The Mercedes-AMG One hypercar reclaimed the Nurburgring Nordschleife lap record for production cars recently, lapping the 20km German circuit in 6:35.183 minutes.
It allowed Mercedes-AMG and its Formula One-derived road-legal supercar to wrestle the title back from Porsche and… oh, who cares?
Car makers have long held the Nurburgring Nordschleife up as the ultimate benchmark for performance cars and it has proven a useful tool for comparisons between cars. But does it really matter? Be honest, how many of you reading this now really care about how fast your car goes around a racetrack in western Germany? With the exception of those reading this in Europe, it’s unlikely any of you are headed there to test the manufacturer’s claims.
And even if you did, would you be able to keep up with the extremely talented professional drivers the car companies use to do these records – they’re hardly representative of the average car buyer. Mercedes drafted in AMG racing ace Maro Engel, a veteran of both German DTM and Australian Supercar racing as well as countless global sports car races, to tame its hypercar.
Again, ask yourself honestly if you’re one of the reported eight lucky Australians who have bought an AMG One – do you really think you can match Maro?
The Nurburgring is seen as such a crucial benchmark for car companies that some go to extraordinary lengths to claim a record time. Tesla developed the tri-motor ‘Plaid’ powertrain to help beat the Porsche Taycan around the ‘Ring. Even Renault stripped the stereo and air-conditioning out of the Megane RS275 hot hatch in order to take back the front-wheel drive production car lap record.
I was lucky enough to drive the Megane RS around the Nurburgring years ago and it was a thrilling experience. But as a car to live with in daily life it was too stiff, too loud and too hot – I couldn’t imagine living through an Australian summer in a brand-new car built deliberately without air-con just so I could know it was a bit quicker around a track than the Honda Civic Type R.
But it’s cars like the Mercedes-AMG One and the Aston Martin Valkyrie that really exemplify the modern problem with supercars – they’re too fast. The new record by the AMG is more than 20 seconds faster than Niki Lauda managed in a Formula One back in 1975 and is getting closer to the outright lap record of 6:11.13 set by Stefan Bellof in a Porsche 956 prototype sportscar in 1983. But even then, the lap layout was slightly different, so the Mercedes is arguably even closer to the outright record than it appears.
And just to be clear – the Mercedes-AMG One is a road-legal car that can (in theory) head through the local drive-through and the Porsche 956 was a purpose-built racing car that cannot.
The AMG One can be seen as a reaction to the collaboration between Aston Martin and the Red Bull F1 team to build the Valkyrie, which was hyped at its launch as being as close to an F1 car with numberplates as possible. Except that to achieve that it would use a purpose-built V12 engine and hybrid boost, rather than use the turbocharged V6 in the F1 racer.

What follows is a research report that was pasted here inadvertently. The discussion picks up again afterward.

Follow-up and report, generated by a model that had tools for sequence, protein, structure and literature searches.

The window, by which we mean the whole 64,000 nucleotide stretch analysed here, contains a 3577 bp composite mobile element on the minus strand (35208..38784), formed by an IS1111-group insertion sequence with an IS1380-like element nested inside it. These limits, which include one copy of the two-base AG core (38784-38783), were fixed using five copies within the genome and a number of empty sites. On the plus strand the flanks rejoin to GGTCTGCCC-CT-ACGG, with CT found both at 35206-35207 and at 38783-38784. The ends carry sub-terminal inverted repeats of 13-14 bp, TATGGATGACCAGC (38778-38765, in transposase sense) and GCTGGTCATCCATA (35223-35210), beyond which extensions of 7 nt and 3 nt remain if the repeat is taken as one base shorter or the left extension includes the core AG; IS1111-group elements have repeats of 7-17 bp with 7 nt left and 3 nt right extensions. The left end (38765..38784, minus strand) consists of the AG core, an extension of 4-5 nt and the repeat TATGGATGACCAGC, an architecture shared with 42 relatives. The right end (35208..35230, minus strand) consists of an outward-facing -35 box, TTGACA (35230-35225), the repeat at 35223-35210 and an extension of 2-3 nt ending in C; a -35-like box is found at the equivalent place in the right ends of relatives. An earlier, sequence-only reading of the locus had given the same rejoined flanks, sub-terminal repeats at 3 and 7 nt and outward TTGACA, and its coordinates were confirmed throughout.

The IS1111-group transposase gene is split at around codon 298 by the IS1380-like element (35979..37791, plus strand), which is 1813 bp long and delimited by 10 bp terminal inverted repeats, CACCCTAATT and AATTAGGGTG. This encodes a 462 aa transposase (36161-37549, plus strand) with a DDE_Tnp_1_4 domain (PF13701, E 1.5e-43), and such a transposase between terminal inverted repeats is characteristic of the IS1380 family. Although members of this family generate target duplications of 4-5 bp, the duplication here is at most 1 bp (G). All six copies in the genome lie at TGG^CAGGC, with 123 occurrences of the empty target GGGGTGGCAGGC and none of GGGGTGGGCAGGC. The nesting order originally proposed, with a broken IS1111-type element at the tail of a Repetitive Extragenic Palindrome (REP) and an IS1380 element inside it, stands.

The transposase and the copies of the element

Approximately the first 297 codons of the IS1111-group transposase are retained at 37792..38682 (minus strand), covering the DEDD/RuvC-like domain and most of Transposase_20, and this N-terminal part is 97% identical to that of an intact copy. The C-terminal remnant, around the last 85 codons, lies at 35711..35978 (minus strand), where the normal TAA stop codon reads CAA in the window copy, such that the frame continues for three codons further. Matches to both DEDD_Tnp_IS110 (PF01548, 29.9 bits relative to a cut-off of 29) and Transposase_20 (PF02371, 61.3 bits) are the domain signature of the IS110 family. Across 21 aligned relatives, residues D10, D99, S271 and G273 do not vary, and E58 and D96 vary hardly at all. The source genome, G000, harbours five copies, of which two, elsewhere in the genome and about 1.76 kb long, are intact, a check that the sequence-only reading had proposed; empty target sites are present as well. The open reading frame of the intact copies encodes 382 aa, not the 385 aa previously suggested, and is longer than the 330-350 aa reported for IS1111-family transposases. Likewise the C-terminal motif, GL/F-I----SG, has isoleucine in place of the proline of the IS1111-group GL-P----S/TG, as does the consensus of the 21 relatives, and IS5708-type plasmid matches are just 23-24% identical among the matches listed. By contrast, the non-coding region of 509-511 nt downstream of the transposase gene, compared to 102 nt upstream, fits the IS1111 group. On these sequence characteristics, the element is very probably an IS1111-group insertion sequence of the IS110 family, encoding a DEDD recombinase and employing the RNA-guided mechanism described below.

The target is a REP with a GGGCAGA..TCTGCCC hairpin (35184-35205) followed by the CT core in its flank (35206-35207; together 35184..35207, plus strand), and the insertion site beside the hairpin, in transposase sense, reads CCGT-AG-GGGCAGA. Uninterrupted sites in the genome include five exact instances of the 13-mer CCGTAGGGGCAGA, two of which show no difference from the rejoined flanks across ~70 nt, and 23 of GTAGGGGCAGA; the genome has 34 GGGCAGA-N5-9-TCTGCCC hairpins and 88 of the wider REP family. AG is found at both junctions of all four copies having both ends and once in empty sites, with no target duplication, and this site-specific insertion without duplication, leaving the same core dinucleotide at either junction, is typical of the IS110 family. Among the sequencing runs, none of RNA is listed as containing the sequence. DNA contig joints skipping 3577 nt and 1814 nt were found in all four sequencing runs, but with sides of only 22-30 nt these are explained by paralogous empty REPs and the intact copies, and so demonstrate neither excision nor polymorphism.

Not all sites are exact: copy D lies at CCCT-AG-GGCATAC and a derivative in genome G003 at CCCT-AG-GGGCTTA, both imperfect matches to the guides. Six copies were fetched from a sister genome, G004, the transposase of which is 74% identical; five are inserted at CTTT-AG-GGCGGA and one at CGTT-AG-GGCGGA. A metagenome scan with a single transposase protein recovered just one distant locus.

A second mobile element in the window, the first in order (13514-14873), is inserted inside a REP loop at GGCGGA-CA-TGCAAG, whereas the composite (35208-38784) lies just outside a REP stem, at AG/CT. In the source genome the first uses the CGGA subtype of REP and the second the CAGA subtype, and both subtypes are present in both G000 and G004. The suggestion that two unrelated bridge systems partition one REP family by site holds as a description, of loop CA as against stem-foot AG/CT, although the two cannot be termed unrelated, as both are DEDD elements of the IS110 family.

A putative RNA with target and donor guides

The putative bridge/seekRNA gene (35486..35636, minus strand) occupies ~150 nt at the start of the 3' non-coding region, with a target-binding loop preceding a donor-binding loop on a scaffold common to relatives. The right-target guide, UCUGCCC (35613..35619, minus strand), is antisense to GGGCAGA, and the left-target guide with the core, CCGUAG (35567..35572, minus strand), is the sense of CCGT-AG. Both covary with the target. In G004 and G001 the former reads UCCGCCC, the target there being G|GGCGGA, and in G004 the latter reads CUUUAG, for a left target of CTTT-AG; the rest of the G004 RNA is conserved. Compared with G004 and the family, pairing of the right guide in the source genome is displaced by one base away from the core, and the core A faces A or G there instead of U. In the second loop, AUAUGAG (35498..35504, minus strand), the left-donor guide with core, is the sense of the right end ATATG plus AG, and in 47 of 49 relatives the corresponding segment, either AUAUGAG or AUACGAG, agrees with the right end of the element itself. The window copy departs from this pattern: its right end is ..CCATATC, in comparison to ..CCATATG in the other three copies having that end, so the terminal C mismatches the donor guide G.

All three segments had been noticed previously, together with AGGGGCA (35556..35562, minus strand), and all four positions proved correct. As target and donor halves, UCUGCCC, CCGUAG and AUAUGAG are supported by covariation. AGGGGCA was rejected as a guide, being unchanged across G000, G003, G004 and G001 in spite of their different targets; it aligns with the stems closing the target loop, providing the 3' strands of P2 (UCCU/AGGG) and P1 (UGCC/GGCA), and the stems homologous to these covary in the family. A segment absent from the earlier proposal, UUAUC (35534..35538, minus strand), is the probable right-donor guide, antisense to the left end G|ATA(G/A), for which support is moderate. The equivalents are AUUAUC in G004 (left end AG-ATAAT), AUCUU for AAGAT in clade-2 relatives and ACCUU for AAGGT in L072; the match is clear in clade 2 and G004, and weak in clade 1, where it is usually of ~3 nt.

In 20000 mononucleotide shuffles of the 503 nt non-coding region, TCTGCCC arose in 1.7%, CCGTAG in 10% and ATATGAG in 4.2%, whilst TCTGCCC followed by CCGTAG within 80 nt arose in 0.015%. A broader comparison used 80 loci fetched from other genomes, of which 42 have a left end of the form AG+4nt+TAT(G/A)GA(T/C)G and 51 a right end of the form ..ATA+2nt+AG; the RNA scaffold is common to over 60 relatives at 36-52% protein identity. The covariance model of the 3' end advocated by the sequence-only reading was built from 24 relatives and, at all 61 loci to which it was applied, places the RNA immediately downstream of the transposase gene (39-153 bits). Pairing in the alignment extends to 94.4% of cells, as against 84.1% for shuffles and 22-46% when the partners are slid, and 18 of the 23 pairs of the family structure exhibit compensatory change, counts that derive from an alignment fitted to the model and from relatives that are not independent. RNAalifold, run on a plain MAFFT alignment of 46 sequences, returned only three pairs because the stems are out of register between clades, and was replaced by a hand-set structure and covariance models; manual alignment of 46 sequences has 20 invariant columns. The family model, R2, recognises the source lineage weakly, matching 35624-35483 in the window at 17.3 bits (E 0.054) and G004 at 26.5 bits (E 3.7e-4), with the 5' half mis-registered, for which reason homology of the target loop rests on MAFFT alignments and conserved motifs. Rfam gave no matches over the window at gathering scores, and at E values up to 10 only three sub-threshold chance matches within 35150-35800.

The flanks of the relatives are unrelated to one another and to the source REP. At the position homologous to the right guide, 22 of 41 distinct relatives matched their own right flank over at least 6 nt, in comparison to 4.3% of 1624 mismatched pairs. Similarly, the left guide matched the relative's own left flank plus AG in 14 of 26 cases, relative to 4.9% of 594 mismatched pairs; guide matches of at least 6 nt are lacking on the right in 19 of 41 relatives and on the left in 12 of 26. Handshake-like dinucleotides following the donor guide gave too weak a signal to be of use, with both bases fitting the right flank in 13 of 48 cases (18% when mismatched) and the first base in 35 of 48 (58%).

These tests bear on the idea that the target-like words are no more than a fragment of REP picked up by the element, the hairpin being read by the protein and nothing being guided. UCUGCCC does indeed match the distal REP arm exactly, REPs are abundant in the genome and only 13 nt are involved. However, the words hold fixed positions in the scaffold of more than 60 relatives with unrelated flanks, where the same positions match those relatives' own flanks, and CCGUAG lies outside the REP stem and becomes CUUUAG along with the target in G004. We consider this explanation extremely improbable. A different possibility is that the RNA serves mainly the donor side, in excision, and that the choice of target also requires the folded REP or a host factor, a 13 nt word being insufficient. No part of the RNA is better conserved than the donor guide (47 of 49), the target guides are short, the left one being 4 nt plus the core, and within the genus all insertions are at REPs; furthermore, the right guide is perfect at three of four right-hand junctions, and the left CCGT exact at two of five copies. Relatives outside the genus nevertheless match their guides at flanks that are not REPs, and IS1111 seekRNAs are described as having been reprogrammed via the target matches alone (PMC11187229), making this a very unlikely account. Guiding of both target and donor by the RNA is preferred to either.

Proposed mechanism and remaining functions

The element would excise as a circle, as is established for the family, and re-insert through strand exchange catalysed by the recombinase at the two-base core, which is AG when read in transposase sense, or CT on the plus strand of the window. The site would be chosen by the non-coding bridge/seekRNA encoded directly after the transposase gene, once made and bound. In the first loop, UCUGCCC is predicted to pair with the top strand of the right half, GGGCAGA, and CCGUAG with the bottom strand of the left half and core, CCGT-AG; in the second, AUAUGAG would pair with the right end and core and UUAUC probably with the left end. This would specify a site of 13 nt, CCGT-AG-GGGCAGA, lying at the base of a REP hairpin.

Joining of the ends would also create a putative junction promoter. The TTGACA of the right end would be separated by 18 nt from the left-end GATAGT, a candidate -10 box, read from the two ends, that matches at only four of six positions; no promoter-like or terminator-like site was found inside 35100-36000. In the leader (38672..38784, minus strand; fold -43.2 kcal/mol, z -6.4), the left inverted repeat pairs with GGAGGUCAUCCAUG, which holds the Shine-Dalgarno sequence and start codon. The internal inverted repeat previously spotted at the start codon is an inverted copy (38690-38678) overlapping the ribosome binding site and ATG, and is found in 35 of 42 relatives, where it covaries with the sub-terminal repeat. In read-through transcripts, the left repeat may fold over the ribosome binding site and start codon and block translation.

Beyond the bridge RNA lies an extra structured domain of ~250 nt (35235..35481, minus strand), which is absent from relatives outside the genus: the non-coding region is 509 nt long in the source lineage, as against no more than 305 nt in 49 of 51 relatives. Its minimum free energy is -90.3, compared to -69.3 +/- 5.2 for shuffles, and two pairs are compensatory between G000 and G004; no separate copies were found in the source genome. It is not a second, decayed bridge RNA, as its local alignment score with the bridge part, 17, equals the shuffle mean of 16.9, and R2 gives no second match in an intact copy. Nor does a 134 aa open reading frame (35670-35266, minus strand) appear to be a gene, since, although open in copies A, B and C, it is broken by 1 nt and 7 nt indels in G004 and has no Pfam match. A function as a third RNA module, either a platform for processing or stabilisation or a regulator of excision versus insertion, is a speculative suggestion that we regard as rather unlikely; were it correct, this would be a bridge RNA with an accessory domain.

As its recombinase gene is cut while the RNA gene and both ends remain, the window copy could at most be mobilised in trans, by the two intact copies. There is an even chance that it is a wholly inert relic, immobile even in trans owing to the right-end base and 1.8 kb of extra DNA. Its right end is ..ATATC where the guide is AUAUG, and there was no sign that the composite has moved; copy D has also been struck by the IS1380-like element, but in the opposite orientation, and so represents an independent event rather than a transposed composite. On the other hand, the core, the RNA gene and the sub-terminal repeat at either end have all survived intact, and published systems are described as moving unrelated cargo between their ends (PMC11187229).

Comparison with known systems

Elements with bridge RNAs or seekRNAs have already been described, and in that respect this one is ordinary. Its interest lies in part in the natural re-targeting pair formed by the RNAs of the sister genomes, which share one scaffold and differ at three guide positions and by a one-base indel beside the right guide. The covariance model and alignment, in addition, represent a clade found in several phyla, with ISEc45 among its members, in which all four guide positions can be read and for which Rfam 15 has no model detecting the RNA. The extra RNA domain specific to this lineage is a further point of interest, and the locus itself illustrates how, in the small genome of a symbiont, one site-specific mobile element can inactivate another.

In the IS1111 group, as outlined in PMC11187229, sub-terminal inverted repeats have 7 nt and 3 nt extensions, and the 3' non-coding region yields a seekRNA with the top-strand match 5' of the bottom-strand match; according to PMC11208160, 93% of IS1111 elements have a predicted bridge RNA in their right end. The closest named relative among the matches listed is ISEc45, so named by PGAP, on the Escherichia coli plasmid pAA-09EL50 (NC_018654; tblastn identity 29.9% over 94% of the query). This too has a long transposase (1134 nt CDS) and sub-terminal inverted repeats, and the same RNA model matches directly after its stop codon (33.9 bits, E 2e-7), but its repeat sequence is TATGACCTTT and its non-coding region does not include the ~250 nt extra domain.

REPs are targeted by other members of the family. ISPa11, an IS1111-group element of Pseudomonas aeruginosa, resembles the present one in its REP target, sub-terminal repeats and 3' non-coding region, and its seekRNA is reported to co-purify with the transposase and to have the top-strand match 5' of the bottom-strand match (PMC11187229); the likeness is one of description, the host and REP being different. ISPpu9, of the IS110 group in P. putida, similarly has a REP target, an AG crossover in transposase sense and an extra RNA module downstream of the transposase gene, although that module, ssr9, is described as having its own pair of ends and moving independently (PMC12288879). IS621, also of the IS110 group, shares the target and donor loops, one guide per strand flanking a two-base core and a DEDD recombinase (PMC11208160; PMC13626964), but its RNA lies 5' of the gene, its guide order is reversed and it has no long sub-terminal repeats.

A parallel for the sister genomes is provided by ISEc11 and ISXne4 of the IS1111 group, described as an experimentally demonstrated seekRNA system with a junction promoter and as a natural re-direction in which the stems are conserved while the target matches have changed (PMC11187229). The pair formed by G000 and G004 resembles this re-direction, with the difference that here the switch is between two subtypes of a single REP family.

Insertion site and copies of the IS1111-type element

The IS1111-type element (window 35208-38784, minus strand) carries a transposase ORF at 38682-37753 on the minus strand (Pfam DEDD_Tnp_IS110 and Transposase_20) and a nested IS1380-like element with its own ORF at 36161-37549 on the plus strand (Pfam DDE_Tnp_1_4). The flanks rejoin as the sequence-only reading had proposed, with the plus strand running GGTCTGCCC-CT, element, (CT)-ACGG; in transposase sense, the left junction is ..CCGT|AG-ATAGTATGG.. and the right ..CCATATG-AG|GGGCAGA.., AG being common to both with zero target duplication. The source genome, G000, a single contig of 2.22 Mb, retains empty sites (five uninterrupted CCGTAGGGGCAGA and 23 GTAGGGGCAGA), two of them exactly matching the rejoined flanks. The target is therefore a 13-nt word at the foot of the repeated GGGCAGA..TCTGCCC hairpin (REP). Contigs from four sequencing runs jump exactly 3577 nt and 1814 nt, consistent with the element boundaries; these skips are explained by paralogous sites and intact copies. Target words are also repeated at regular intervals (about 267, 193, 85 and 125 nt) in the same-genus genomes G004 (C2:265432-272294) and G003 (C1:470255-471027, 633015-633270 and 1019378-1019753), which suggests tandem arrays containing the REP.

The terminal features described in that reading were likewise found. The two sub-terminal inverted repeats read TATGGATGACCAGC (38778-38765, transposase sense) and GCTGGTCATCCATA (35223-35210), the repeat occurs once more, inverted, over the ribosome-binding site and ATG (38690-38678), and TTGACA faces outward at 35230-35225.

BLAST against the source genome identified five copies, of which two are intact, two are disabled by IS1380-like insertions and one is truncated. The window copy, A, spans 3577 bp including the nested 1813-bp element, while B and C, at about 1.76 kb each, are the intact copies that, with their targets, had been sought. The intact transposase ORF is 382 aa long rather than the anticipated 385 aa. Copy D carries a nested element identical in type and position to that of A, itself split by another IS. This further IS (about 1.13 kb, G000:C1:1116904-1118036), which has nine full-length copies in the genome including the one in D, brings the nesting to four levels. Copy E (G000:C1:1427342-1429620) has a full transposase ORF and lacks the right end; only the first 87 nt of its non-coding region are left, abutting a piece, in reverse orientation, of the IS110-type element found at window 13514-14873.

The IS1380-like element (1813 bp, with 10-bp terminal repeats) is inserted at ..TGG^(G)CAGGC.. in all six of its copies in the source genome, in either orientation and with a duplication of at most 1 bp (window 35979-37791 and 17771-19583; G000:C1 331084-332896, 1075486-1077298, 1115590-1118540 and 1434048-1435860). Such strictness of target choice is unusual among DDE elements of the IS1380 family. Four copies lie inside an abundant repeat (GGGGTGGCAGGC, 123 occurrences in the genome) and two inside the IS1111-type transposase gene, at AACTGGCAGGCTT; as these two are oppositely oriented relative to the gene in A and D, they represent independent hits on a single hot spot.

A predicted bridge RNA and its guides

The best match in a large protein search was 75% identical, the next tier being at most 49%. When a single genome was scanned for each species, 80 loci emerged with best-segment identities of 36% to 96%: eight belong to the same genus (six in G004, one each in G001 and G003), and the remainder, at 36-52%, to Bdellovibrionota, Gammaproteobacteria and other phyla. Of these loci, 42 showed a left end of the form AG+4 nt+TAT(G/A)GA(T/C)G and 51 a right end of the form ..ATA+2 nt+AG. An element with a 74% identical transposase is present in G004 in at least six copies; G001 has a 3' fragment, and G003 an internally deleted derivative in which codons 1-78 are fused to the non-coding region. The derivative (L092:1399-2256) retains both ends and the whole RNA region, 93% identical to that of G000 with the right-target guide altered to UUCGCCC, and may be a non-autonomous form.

Mercedes and AMG actually took the competition to the next level and declared its hypercar would use the same powertrain – turbo V6 and hybrid system – as its F1 machine. And it does. It’s been developed for road use by many of the same British-based engineers that created the engine that powered Sir Lewis Hamilton to his many wins and world titles.
It’s all well and good to make these hypercars that can keep up with an F1 racing car, but the problem is there’s usually only about 20 F1 drivers on the planet at any one time, which means not everyone who buys these modern hypercar cars is capable of handling them.
Just ask Rowan Atkinson. The man behind Mr Bean crashed his McLaren F1 not once but twice, proving that wealth and skill do not go hand-in-hand.
Of course, those who buy these cars are hardly novices when it comes to driving on a racetrack, with plenty of them being amateur racers when they’re not making untold wealth to afford such a lifestyle and car collection (because you don’t just buy a hypercar without either loads of money and a very big garage).
But the truth is actually worse than this in many cases, because while these cars were designed to be the fastest road-legal machines on the planet (and around the Nurburgring), the reality is most of them will spend the majority of their lives sitting still.
These cars have become so powerful and so quick they’re no longer practical or even really enjoyable on the road (at least not without breaking multiple laws), so instead they become collector’s items and commodities.
Cars like this may cost millions to buy but are almost guaranteed to increase in value. And the less the owner drives them the more valuable they become. Setting a record lap time at the Nurburgring with a professional driver ultimately ends up being the credential for the car, proof that it is quick, even if owners will rarely experience it at its absolute limit.
Not that it really matters for these F1-derived hypercars because that are in their final days, destined for extinction as the new wave of electric hypercars – such as the Rimac Nevera and Lotus Evija – emerge to replace them.
And soon these electric hypercars will head to the Nurburgring to begin this battle of questionable value anew, starting a whole new battle of lap times bragging rights.
The reality is for most Australians, unless you plan on regular track days, most modern hot hatches are getting too fast for legal fun on the roads. It’s why cars with only modest performance, such as the Toyota 86/Subaru BRZ, are so appealing. They are less worried about a Nurburgring time and more focused on putting a smile on the driver’s face – and that should be the goal of any great car…
Keyword: Hypercars are too hyper: Why the constant quest for faster supercars is ultimately pointless | Opinion